Chiefs GM Dorsey admits there’s ‘some work’ to do at wide receiver in offseason

Dwaye Bowe and the rest of the Chiefs' wide receivers failed to catch a single touchdown in 2014.

Denny Medley/Denny Medley-USA TODAY Sports

KANSAS CITY, Mo. — You might see 9-7 as false hope. John Dorsey sees it as another launch pad.

"As I look at this season, you know, did we lose some opportunities to go to the playoffs? Yeah, we lost some opportunities there," the Kansas City Chiefs’ general manager said late Monday afternoon at a gathering of local writers inside the University of Kansas Hospital Training Complex. "But I think also there (were) some things that you can build off of and be positive (about).

"We’re in the game of football to win the game. We’re not in the game to blow things up. I don’t think you can do that.

"But, you know, these guys understand that in order to achieve a high level of success, you’re going to (have to) be in this thing together. I think we — if you were to look at our schedule, I think 11 of the teams we played this year were over .500. Was it challenging? You’re darn right it was challenging. We were the second-youngest team in the NFL. I think it shows that, to be competitive, week in and week out, you have to be consistent. And that’s the thing that you build off of. Those are the little things you build off of moving forward."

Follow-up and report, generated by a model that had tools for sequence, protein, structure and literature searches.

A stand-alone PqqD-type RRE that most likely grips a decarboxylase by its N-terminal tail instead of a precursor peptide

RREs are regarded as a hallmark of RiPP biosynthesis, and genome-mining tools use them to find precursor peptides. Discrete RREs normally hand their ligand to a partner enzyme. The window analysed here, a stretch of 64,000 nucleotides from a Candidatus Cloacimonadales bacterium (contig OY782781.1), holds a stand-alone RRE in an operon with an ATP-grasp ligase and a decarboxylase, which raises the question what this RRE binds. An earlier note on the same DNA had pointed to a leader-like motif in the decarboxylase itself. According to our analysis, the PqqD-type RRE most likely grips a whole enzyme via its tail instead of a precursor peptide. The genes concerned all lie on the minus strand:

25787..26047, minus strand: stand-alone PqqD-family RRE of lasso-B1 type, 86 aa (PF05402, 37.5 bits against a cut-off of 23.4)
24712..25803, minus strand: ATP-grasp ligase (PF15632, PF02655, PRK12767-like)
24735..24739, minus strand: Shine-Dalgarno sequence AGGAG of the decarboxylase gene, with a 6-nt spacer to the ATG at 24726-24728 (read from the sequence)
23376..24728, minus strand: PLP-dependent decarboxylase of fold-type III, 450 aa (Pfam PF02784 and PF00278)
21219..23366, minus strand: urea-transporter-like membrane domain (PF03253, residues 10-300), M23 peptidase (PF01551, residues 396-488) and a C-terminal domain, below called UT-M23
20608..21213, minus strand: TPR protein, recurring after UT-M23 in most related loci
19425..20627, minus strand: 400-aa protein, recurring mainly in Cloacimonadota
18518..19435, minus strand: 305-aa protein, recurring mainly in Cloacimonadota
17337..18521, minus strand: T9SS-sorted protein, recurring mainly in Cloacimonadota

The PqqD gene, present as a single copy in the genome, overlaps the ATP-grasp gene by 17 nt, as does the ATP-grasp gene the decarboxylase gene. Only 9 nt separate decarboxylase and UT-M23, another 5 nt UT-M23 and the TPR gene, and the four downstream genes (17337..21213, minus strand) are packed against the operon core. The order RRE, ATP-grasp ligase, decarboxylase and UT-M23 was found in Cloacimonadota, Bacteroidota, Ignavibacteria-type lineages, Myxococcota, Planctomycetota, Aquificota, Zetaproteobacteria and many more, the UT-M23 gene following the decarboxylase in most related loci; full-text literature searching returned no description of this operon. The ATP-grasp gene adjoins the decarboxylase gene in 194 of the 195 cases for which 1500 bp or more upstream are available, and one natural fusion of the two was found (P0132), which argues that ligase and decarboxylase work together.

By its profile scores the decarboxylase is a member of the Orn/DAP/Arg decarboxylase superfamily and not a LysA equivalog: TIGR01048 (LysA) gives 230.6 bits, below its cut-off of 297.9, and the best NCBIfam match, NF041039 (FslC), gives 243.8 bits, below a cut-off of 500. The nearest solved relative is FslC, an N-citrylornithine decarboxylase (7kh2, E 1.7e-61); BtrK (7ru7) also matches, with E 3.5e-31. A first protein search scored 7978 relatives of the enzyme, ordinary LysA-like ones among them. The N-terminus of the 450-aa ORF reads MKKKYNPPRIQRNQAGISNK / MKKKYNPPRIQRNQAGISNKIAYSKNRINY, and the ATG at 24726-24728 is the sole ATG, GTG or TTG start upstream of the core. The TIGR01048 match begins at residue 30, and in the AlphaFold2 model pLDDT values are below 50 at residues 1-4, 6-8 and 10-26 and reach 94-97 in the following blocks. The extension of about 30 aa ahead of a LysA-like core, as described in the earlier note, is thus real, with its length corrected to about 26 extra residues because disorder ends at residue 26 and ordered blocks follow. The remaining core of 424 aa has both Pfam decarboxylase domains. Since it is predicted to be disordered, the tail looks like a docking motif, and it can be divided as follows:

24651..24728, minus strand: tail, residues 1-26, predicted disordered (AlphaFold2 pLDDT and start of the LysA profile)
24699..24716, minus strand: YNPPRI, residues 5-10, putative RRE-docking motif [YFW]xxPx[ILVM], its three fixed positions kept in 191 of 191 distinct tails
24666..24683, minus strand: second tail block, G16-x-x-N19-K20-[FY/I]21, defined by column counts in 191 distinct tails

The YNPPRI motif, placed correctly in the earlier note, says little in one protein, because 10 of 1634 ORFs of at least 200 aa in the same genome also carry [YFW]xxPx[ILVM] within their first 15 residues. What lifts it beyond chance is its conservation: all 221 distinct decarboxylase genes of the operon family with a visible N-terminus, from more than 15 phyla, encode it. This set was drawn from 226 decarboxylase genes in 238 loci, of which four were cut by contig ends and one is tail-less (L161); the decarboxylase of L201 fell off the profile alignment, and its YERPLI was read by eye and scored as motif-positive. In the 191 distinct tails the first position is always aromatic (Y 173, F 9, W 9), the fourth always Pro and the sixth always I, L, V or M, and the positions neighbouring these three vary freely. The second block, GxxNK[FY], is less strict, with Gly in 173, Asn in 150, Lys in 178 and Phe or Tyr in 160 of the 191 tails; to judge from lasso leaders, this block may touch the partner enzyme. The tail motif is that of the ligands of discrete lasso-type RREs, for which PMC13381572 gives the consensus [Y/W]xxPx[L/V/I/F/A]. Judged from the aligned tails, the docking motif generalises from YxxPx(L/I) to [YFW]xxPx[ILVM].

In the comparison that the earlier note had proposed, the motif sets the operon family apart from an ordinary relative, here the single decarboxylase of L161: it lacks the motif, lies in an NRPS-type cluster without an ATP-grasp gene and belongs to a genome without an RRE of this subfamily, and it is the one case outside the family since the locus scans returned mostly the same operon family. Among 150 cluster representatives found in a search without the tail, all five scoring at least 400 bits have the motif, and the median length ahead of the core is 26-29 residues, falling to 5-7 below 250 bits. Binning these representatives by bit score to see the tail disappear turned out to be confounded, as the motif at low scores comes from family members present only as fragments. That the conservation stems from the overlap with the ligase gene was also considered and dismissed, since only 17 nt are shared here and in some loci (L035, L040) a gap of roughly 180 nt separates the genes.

The one thing you could say about the 2014 Chiefs, who narrowly missed a second straight berth in the postseason, was that they were consistently … inconsistent. The Andy Gang knocked off the two No. 1 seeds in the AFC and NFC brackets (New England and Seattle, respectively) while also somehow managing to lose to 2-14 Tennessee at home and 3-13 Oakland on the road.

"It’s the National Football League," Dorsey said. "There’s no easy games in it."

Or easy scores, apparently. Because, for better or for worse, 2014 will also be long remembered as the season in which no Chiefs wideout caught a touchdown — a first for the franchise and a modern NFL low-water mark for the position.

"The stats speak for themselves. And we’re going to have to do some work there."

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And not just there, either. Dorsey’s take on other winter topics of note:

— On outside linebacker — and single-season franchise sack leader — Justin Houston and his contract situation: "Actually, I applaud Justin for all he’s done. … I can say it’s (an) ongoing conversation. Guy’s a good player, truth be told."

Is he a good outside linebacker or a good defensive end?

"In my opinion, he (plays) outside linebacker in a 3-4 scheme. I think the last play of the game (against the Chargers), he dropped in the flat."

— On the beleaguered offensive line: "(For) what those guys were asked to do this year, I thought they did an admirable job."

Was it negligent to extend quarterback Alex Smith for a reported four years and $68 million and not upgrade the protection around him?

"I wouldn’t say we miscalculated. The team is what it is, on the field, (the) opening 53. I think you played with that. Like I said earlier, there were plans, but at the end of the day, they did not come to fruition."

— On Smith: "I think his leadership and poise carried over to that locker room. I think guys believe in him.